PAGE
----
These petroglyphic complexes are an invaluable part of history of Mongolia as proof of the development of culture in Mongolia.Rock carvings show lifestyles of different periods as hunting and herding etc. Generally, the rock carvings and monuments are relatively unimpacted by human or animal activities because of their relative inaccessibility due to both terrain and weather. The site was recognized by UNESCO in the World Heritage List in 2011 as a World Cultural Heritage Site for representing a long period of history of the development of humanity.
Great Burkhan Khaldun Mountain and its surrounding sacred landscape (2015)
4437.392 square kilometers Great Burkhan Khaldun Mountain and its surrounding sacred landscape lies in the north-east part of Mongolia, about 170 kilometers north-east of Ulaanbaatar. The site is considered to be the place of Chingis Khan’s birth and burial. He was born in 1162 and aged 65 years old after the defeat of Tangut Empire. Chinggis Khaan, himself worshipped Burkhan Khaldun Mountain with help of shamans because it protected him and his people from enemies multiple times.
In addition, this mountain is considered to be a huge part of unification of Mongol Empire. This reason probably connects to the findings of about 800 burial sites in the mountain and its surrounding landscape. The site was recognized by UNESCO in the World Heritage List in 2015 as a World Cultural Heritage Site for being connected to the centre of events that profoundly changed Asia and Europe between the 12th and 14th centuries.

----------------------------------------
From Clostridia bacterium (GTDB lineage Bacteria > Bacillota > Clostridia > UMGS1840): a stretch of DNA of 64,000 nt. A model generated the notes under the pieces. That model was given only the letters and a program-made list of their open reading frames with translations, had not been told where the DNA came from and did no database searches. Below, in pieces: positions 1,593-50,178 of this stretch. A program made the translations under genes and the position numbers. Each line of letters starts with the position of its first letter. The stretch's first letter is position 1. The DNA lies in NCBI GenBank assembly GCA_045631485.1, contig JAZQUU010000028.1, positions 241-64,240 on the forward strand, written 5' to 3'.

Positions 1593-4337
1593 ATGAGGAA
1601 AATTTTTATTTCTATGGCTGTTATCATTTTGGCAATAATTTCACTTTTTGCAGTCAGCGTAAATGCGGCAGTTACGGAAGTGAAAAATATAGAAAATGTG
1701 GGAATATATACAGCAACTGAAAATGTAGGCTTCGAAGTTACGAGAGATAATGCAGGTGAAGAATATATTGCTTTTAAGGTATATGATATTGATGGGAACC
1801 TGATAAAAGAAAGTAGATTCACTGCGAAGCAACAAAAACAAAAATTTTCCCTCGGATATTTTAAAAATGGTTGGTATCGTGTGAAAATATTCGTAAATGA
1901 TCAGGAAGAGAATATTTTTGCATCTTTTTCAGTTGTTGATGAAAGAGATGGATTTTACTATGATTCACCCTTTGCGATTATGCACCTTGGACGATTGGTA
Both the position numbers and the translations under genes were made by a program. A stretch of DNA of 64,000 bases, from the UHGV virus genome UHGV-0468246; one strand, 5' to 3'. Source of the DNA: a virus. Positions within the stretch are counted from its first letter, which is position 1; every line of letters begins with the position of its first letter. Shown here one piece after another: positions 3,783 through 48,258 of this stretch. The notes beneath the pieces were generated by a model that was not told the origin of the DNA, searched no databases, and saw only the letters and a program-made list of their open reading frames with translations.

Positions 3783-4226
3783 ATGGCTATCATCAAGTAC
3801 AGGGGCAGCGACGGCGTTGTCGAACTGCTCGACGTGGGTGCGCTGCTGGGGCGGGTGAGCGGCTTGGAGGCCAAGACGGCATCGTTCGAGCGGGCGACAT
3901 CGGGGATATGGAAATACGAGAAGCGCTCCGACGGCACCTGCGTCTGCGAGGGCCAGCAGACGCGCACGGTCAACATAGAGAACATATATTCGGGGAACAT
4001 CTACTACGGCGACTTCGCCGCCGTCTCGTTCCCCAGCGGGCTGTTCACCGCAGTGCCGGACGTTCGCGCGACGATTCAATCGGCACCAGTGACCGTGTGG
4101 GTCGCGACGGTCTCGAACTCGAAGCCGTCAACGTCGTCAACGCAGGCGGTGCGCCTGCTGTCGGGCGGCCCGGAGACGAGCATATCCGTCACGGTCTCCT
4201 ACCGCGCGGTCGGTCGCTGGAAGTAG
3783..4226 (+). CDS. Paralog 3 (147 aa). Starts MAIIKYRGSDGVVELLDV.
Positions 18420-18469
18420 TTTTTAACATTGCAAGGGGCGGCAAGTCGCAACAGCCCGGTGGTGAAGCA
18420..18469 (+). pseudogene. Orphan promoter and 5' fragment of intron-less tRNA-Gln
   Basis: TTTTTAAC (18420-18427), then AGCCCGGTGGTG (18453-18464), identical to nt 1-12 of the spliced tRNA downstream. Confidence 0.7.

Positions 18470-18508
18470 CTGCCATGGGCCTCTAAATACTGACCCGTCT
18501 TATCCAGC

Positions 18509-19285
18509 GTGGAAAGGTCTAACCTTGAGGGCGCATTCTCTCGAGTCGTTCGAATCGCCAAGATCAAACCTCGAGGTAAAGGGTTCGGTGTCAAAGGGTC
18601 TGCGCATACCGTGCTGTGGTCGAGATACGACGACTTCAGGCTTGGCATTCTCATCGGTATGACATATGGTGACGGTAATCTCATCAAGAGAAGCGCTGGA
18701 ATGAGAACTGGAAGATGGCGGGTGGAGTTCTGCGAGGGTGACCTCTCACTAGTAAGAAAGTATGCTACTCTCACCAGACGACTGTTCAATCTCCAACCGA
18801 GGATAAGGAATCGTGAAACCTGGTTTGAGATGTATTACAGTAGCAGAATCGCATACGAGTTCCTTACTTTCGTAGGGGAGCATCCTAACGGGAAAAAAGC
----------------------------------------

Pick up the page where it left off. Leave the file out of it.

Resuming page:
Landscapes of Dauria (2017)
9126.24 square kilometers Landscapes of Dauria lies in the eastern part of Mongolia, about 900 kilometers. The site is recognized as an outstanding example of the steppe ecosystem. Landscapes of Dauria is shared by Mongolia and Russian Federation. The different types of steppe ecosystems represented, such as grassland and forest, as well as lakes and wetlands serve as habitats for rare species of fauna, such as the White-naped crane, Great Bustard, Relict Gull and Swan goose, as well as millions of vulnerable, endangered or threatened migratory birds.
The site was recognized by UNESCO in the World Heritage List in 2017 as a World Natural Heritage Site for being eco-region for millions of living organisms.
Properties submitted on the UNESCO Tentative List
- Desert Landscapes of the Mongolian Great Gobi (2014)
- Cretaceous Dinosaur Fossil Sites in the Mongolian Gobi (2014)
- Eastern Mongolian Steppes (2014)
- Amarbayasgalant Monastery and its Surrounding Sacred Cultural Landscape (2014)
- Baldan Bereeven Monastery and its Sacred Surroundings (2014)
- Sacred Binder Mountain and its Associated Cultural Heritage Sites (2014)
- Funeral Sites of the Xiongnu Elite (2014)
- Archaeological Site at Khuduu Aral and Surrounding Cultural Landscape (2014)
- Deer Stone Monuments, the Heart of Bronze Age Culture (2014)
- Petroglyphic Complexes in the Mongolian Gobi (2014)
- Highlands of Mongol Altai (2014)
- Sacred Mountains of Mongolia (2015)